Estimated 100 jobs under threat at Hertz in Dublin

Company to start consultation with staff over outsourcing plan

An estimated 100 jobs at the European operation in Dublin of car rental giant Hertz are under threat, after the company informed staff yesterday of an outsourcing plan as part of a wider group restructuring.

The company confirmed late last night that it is beginning a consultation process with staff in its Dublin finance unit. It also operates European-wide customer care facilities from a site in Swords that employs more than 900.

The company declined to comment on the number of jobs that are to go at its Irish operation but it is believed to be planning to shed more than a tenth of its workforce here. It called a meeting of affected workers yesterday at 4.30pm.


It is thought it may outsource the roles to a company such as



. Staff at Hertz’s Oklahoma office in the US, for example, were told this week that more than 200 IT and finance roles would move to IBM.

“Hertz is embarking on a modernisation initiative that will transform certain functional areas within its service centres in 2016,” it said last night.

“Hertz announced to employees during a meeting of staff . . . that certain finance administration functions currently located . . . in Swords are under review and may potentially be outsourced.”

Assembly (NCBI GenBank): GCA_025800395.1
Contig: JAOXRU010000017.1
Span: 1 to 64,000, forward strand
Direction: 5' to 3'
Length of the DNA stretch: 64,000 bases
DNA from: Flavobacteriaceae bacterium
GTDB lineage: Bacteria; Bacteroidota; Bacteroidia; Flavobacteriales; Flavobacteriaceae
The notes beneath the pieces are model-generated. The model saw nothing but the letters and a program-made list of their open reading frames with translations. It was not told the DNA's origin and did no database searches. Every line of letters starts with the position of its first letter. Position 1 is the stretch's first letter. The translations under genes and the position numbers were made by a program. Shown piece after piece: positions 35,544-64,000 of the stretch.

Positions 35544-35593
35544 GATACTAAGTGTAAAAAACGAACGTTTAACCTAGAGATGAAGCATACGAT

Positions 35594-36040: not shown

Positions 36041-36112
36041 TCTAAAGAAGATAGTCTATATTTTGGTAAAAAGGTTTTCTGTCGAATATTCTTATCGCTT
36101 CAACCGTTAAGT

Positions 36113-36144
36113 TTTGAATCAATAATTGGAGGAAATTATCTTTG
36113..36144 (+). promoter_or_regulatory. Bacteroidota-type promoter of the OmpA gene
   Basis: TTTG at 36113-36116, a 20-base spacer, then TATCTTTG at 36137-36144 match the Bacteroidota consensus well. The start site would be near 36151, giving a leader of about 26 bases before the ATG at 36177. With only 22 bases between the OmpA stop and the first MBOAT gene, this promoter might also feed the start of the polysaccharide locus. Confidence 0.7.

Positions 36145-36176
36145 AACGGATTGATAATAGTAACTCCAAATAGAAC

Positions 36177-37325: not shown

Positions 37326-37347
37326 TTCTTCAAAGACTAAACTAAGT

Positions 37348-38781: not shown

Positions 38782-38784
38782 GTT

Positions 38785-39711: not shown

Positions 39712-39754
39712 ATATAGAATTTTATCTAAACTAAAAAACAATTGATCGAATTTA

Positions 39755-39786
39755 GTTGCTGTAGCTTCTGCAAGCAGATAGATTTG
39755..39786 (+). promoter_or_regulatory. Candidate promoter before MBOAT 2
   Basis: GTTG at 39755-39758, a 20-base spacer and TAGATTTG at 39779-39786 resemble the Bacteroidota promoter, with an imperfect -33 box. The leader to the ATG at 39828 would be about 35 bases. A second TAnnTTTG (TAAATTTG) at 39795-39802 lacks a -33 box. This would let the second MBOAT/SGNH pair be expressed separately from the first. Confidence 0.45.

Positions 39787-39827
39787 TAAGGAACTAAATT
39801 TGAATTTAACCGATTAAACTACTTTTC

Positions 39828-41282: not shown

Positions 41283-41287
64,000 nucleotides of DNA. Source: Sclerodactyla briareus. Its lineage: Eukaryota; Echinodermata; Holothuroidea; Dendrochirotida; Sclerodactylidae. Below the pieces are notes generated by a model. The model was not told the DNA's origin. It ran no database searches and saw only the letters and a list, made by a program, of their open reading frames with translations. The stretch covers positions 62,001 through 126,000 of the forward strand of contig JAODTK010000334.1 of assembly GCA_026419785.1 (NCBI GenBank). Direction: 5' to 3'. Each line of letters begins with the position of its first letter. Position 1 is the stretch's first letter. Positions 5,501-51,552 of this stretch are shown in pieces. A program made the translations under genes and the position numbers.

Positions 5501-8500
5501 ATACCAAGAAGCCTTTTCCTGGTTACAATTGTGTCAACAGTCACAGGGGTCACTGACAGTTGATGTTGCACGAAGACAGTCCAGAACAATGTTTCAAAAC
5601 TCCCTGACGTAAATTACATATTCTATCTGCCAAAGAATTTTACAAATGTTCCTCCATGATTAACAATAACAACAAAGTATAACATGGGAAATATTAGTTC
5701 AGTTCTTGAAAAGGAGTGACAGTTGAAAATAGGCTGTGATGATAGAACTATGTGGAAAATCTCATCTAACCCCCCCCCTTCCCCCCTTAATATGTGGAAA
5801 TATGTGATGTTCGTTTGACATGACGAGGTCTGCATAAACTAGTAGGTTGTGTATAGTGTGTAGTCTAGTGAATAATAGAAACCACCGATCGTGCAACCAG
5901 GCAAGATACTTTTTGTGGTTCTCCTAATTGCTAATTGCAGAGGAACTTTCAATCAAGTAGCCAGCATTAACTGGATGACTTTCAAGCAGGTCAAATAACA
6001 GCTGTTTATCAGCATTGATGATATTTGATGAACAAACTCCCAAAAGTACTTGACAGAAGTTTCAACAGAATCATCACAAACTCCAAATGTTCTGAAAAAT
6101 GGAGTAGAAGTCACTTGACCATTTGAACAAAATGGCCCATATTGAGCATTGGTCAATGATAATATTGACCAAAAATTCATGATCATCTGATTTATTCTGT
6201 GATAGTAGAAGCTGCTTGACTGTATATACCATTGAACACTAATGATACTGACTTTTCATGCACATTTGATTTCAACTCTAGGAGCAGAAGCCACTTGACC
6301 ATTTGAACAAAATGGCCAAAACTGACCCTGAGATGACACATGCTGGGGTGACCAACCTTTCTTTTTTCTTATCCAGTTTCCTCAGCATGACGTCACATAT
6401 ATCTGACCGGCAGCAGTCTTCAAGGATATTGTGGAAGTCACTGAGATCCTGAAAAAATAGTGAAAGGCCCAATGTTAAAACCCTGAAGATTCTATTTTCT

It insisted that its European Service Centre in Dublin “is a strategically important facility in Hertz’s global operations and the contribution of our staff employed in Swords is highly valued”.

Hertz, which is headquartered in Florida and listed in New York, has shed more than half its market value in the past three months. The car rental giant has been battered by investors after a string of errors in recent years in its accounts forced it to restate numbers going back to 2011.

Equipment rental

Activist investors, including

Carl Icahn


Barry Rosenstein

, have built stakes in the company. Since Mr Icahn became involved with the company, it has announced a number of strategic pivots such as the spinning off of its equipment rental business.

In its third quarter results last November, it announced a 5 per cent fall in sales to just under $3 billion (€2.65 billion) for the quarter. It targeted cost savings of $200 million for 2015 and said it would strip out $300 million in 2016.

Hertz expanded its European operation at Dublin with the addition of an extra 100 jobs in 2010. That investment was supported by IDA Ireland.

Hertz European Service Centre, its main Irish unit, had sales of €63 million in 2014, the last year for which accounts are available, and made profits of €10 million.

Mark Paul

Mark Paul

Mark Paul is London Correspondent for The Irish Times